Forgot your password?
typodupeerror
Robotics Hardware

Microbots Made of Bubbles Are Controlled By Lasers 51

Posted by Soulskill
from the fantastic-voyage dept.
An anonymous reader writes "Researchers at the University of Hawaii have turned bubbles of gas into non-mechanical 'microbots' that they propel and steer with a laser. The laser heats up specific areas of the fluid that the bubble are in, and temperature gradients push the fluid towards the hot area, moving the bubble along. By using an array of lasers, the researchers can control the speed and direction of multiple bubble bots independently; this capability is not possible with other types of microbots, such as those controlled by a magnetic field, which affects all robots simultaneously. The University of Hawaii researchers hope their non-mechanical microbots can be used to assemble and manipulate microscopic structures, including live cells. In one experiment, they used the bubble bots to position 100-m-diameter glass beads to form the letters 'UH.'"
This discussion has been archived. No new comments can be posted.

Microbots Made of Bubbles Are Controlled By Lasers

Comments Filter:
  • Sharks with lasers?
    • by m2shariy (1194621)
      Herding schools of bubble-bots
      • Re:Sharks (Score:4, Insightful)

        by amicusNYCL (1538833) on Tuesday May 22, 2012 @06:58PM (#40081677)

        I'm wondering where the point is when a bubble all of a sudden becomes a robot.

        • by Larryish (1215510)

          Uh... I think that the qualification for "robot" is "autonomy".

          Only morons think a strictly remote controlled device is a "robot".

          Battlebots were fancy R.C. cars.

          • There's some leeway there. For example, industrial robots [wikipedia.org]. Many of them just repeat sequences, and have only very basic branching conditions, if any. Then there's the TALON [wikipedia.org] robots, which are mostly RC as well, but are still considered "robots". Demolition robots also come to mind, which, again, are strictly RC.
            • by Larryish (1215510)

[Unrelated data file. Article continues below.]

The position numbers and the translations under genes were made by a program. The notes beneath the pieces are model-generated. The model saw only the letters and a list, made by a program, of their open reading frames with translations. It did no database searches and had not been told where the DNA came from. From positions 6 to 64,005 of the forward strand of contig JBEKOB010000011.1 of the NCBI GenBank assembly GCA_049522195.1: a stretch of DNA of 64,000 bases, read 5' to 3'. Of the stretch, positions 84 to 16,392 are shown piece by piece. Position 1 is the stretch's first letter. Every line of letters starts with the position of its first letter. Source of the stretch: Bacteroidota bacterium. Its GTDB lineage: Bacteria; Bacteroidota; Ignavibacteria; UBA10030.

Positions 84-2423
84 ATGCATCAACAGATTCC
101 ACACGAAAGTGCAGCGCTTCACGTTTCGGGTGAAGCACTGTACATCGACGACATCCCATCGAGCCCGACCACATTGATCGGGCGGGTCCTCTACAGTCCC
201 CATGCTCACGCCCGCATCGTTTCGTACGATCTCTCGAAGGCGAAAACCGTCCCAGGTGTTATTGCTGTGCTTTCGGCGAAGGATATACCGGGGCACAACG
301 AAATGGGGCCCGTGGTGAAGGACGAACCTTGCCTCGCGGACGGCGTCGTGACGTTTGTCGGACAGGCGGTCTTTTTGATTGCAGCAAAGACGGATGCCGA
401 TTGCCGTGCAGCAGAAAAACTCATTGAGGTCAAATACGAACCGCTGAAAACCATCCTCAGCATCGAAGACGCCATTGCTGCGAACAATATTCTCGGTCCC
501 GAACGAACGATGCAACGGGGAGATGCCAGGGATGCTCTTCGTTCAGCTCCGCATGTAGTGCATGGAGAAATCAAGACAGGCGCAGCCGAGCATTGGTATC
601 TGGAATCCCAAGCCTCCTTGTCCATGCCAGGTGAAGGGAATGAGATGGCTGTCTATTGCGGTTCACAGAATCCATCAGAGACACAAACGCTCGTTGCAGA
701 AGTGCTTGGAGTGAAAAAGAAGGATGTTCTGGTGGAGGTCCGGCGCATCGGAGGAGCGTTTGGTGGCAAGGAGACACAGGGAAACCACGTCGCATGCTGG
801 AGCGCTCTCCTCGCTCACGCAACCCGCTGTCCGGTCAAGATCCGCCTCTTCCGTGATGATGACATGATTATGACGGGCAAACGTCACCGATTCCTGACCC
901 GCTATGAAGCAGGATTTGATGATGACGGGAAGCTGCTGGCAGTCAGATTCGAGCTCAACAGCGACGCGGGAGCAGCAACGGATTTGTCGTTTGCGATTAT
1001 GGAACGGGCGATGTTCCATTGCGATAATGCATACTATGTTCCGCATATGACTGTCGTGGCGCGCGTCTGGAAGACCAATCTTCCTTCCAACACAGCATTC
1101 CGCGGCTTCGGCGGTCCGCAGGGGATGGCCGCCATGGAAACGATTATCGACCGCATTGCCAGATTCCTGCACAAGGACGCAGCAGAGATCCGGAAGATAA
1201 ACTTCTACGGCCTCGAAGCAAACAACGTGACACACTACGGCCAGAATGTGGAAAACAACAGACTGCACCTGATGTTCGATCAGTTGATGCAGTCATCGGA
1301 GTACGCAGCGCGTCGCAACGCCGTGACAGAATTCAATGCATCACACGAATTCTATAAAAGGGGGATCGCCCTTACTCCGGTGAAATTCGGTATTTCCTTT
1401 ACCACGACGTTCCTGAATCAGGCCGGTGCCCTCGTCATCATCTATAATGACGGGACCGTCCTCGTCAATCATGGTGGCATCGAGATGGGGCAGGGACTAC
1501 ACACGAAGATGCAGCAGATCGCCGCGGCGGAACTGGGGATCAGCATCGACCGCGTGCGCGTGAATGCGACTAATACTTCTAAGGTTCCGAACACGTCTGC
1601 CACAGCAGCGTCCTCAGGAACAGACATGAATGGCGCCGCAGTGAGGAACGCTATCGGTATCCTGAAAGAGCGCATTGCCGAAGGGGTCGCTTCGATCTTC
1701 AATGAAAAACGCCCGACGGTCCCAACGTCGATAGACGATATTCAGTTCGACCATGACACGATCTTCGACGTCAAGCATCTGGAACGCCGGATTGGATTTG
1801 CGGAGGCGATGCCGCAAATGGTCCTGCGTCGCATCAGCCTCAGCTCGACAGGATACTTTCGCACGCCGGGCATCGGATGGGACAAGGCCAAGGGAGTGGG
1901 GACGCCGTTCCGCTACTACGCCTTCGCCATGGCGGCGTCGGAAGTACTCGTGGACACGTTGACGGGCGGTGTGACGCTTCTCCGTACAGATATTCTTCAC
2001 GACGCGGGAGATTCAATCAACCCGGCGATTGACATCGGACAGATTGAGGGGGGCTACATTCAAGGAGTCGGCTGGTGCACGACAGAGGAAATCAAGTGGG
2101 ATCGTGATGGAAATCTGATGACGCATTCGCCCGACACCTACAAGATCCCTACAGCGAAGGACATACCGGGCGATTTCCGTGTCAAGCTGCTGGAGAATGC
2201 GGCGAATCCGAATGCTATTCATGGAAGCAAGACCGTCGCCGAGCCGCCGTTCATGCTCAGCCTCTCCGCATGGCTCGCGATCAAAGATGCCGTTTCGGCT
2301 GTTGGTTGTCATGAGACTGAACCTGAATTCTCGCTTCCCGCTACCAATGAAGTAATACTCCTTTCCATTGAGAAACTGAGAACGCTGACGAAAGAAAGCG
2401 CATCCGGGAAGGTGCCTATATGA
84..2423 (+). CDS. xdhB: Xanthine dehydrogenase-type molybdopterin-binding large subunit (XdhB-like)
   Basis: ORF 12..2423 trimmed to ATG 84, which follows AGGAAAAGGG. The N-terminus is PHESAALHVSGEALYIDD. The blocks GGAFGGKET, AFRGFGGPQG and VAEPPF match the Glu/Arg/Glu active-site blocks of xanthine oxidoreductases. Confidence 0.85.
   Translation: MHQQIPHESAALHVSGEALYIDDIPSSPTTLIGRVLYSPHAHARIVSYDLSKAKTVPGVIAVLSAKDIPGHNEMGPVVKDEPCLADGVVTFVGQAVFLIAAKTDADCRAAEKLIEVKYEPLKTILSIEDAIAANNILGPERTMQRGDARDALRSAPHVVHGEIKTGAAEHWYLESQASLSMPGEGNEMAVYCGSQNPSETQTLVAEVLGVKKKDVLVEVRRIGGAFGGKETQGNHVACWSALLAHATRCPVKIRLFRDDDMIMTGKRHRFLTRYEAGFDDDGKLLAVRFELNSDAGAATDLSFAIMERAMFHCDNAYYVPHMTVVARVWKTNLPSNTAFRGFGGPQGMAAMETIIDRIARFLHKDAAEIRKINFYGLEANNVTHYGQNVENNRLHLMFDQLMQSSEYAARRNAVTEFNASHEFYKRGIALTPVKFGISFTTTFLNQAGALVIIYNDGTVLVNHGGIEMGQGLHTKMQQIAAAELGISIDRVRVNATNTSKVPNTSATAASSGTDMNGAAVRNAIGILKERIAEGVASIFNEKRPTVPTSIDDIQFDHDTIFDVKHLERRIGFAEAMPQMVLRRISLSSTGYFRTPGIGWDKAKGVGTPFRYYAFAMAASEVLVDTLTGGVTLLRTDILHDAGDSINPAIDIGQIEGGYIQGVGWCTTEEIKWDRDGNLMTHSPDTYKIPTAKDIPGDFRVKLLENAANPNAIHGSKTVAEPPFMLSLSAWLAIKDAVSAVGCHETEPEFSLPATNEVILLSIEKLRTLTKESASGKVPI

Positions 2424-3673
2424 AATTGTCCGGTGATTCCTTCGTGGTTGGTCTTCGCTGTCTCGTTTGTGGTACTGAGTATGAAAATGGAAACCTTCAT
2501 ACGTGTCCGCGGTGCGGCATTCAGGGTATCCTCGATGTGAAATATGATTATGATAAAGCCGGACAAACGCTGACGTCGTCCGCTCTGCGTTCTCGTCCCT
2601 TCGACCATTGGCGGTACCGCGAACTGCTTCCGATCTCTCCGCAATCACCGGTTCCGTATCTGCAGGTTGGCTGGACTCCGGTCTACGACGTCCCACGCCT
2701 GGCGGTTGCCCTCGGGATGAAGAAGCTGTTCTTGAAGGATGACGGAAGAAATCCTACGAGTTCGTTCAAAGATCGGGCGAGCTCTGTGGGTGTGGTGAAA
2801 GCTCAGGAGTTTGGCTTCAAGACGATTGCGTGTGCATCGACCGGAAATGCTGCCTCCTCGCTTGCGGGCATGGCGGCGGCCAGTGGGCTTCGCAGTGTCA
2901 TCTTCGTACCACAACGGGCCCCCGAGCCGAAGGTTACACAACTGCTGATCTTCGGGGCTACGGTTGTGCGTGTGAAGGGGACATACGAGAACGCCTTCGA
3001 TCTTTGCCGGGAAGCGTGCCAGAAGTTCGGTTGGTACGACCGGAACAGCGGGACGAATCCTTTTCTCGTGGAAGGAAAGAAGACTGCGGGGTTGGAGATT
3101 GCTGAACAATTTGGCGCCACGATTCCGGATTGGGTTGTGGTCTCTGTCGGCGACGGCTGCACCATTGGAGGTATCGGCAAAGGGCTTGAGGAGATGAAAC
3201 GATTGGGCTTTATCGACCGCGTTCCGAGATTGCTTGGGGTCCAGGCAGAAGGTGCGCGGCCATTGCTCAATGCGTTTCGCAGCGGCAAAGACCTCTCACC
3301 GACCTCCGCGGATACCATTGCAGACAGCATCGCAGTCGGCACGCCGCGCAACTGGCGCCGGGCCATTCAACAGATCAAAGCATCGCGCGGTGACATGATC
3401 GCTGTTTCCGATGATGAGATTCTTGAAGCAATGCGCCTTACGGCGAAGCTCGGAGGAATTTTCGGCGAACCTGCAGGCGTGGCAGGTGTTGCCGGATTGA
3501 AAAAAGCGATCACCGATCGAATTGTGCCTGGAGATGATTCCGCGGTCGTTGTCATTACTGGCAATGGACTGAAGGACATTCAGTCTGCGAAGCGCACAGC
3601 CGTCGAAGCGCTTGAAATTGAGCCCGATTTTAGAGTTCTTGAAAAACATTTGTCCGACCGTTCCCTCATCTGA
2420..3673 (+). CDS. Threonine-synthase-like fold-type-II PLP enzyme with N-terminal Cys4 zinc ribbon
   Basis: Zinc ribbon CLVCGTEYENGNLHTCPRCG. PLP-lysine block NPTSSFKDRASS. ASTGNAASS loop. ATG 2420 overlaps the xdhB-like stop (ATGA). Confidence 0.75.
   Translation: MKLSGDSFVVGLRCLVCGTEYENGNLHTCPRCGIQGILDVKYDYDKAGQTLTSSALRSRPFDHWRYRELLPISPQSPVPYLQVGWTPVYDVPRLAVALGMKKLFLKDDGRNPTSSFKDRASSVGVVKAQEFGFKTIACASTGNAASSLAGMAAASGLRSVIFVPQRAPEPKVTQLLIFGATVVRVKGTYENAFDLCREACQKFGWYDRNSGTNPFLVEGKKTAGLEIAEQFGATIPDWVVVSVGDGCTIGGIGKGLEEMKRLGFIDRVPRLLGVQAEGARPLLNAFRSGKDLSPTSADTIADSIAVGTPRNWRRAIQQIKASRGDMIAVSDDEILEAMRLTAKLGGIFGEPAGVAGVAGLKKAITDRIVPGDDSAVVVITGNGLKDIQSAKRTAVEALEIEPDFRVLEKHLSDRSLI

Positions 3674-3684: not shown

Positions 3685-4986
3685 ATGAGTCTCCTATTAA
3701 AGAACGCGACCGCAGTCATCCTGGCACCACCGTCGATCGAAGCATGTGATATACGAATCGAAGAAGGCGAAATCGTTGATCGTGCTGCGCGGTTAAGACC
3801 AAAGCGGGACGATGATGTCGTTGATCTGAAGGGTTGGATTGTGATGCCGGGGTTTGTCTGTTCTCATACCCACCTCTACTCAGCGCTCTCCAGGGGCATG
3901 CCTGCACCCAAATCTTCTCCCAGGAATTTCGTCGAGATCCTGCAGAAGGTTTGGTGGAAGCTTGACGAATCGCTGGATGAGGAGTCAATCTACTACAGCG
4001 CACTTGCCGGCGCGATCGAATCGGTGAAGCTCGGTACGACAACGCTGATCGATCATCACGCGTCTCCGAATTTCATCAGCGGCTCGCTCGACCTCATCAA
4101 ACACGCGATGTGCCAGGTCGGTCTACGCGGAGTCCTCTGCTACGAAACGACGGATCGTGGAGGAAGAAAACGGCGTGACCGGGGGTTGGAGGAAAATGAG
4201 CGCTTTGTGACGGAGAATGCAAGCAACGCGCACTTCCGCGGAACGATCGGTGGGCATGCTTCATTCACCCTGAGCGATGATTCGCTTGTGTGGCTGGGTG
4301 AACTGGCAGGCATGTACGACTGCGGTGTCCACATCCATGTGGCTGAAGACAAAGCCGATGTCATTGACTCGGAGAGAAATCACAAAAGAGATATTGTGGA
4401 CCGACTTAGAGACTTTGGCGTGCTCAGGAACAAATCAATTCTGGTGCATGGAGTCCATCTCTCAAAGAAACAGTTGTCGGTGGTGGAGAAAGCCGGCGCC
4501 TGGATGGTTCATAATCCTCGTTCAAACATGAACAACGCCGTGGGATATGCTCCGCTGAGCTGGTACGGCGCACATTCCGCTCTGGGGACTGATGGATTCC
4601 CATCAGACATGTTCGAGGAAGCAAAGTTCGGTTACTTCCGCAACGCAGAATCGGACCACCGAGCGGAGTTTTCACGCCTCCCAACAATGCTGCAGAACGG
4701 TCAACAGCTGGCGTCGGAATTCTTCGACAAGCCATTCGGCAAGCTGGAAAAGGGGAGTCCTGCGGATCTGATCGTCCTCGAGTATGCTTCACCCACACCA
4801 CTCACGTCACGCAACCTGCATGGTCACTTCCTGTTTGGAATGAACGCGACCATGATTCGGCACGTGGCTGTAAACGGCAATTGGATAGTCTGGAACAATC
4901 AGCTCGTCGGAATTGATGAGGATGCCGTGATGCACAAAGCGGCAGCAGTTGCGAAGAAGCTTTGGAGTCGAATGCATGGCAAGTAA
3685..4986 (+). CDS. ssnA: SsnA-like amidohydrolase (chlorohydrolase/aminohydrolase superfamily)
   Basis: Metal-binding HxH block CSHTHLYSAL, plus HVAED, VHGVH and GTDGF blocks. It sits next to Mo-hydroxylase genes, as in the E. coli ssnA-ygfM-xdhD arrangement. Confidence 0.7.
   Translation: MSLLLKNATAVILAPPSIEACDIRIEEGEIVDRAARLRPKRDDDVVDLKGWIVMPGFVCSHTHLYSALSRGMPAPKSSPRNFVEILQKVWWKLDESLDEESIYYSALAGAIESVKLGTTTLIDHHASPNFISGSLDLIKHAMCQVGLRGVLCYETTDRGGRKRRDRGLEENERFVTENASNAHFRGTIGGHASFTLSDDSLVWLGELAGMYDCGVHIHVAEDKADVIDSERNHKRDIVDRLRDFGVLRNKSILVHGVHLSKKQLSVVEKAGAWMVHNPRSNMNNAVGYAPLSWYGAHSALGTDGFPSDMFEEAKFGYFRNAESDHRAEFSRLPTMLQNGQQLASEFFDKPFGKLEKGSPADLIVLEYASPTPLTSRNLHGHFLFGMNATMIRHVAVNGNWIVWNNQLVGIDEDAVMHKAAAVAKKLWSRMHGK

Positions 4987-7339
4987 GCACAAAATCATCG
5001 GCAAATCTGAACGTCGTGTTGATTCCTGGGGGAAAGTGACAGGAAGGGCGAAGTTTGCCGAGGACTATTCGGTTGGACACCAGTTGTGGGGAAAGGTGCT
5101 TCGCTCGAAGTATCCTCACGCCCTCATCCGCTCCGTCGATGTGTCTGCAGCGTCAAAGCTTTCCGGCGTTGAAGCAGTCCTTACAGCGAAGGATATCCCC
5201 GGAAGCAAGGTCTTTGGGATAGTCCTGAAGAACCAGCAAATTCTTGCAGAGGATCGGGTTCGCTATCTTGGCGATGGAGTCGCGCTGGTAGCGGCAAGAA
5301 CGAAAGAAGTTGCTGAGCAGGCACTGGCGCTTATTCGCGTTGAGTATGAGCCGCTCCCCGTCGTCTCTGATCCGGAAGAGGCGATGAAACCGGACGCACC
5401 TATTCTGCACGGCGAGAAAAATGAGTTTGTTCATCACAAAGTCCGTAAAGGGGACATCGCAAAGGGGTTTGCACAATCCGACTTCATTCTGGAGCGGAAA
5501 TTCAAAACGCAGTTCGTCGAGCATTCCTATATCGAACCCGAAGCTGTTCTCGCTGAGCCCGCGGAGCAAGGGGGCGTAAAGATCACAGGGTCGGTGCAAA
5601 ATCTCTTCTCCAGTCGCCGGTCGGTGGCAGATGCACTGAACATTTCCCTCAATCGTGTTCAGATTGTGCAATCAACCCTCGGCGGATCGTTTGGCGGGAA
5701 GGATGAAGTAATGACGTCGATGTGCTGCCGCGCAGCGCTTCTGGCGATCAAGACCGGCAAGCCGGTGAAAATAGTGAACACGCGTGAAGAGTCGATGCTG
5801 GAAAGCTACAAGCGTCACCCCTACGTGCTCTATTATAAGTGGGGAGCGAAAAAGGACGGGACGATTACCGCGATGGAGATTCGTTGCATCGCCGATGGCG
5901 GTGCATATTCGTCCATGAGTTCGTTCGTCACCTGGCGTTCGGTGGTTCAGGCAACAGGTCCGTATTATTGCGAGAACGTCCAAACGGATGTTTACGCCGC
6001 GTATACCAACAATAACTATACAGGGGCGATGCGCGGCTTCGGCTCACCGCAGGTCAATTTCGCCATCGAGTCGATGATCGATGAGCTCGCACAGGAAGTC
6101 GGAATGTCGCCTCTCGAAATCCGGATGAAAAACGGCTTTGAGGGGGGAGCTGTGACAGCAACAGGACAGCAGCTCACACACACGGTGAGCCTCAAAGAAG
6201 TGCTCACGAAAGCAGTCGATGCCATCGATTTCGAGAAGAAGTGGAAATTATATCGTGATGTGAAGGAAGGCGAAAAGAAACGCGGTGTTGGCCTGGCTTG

Industrial robots are automatons, and thus qualify for the title of "robot".

              Are they smart? No.

              Are they sentient? Define "sentience".

              Are they autonomous? Yes.

              TALON and similar "robots" are robot in name only, name being given by companies that make fancy RC cars used for bomb disposal or demolition.

          • by SomeJoel (1061138)
            Uh... I think you're wrong. Unless you think JEL [jel-robot.com] and Brooks Automation [brooks.com] are not in the business of making robots.

            Or maybe you can't count past one in Merriam Webster's definition. [merriam-webster.com] You're either an idiot or a troll, or perhaps a little bit of both, hmm?
            • by Larryish (1215510)

              On both of those company websites, they focus on AUTOMATION.

              AUTONOMOUS ROBOTS.

              Not fancy RC cars.

              Automated industrial robots are truly robots. They are self-willed within the constraints imposed upon them by their programmers, but do not require an actual person to perform their assigned tasks.

        • by FunkDup (995643)

          I'm wondering where the point is when a bubble all of a sudden becomes a robot.

          If their bubbles can manipulate physical objects according to a program then its a robot.

          • by Shavano (2541114)

            If a bubble pushed by a laser is a robot, a chopstick is a restaurant.

          • If their bubbles can manipulate physical objects according to a program then its a robot.

            The bubble doesn't manipulate anything, the bubble doesn't execute software or follow a program. It's a bubble. It's a space filled with some gas suspended inside a liquid. The laser heats the liquid, the liquid moves, and the bubble moves with the liquid. If I throw a ball, and that ball hits something, say a "physical object", and it "manipulates" that object, is the ball now a robot?

            • by FunkDup (995643)

              The bubble doesn't manipulate anything

              Nooope. From TFA: "This level of control allows for very fine manipulation of small objects, and the picture below shows how a bubble robot has pushed glass beads around to form the letters "UH"

              the bubble doesn't execute software or follow a program.

              I think it's safe to assume those lasers are computer controlled, given they are using the term "robot" and some other obvious issues. Having the computing and control infrastructure external to the manipulator doesn't stop it from being a robot, it just becomes a remote controlled robot!

              If I throw a ball, and that ball hits something, say a "physical object", and it "manipulates" that object, is the ball now a robot?

              Think outside the bubble!

              • Are you missing my point or being deliberately obtuse?

                I think it's safe to assume those lasers are computer controlled, given they are using the term "robot" and some other obvious issues. Having the computing and control infrastructure external to the manipulator doesn't stop it from being a robot, it just becomes a remote controlled robot!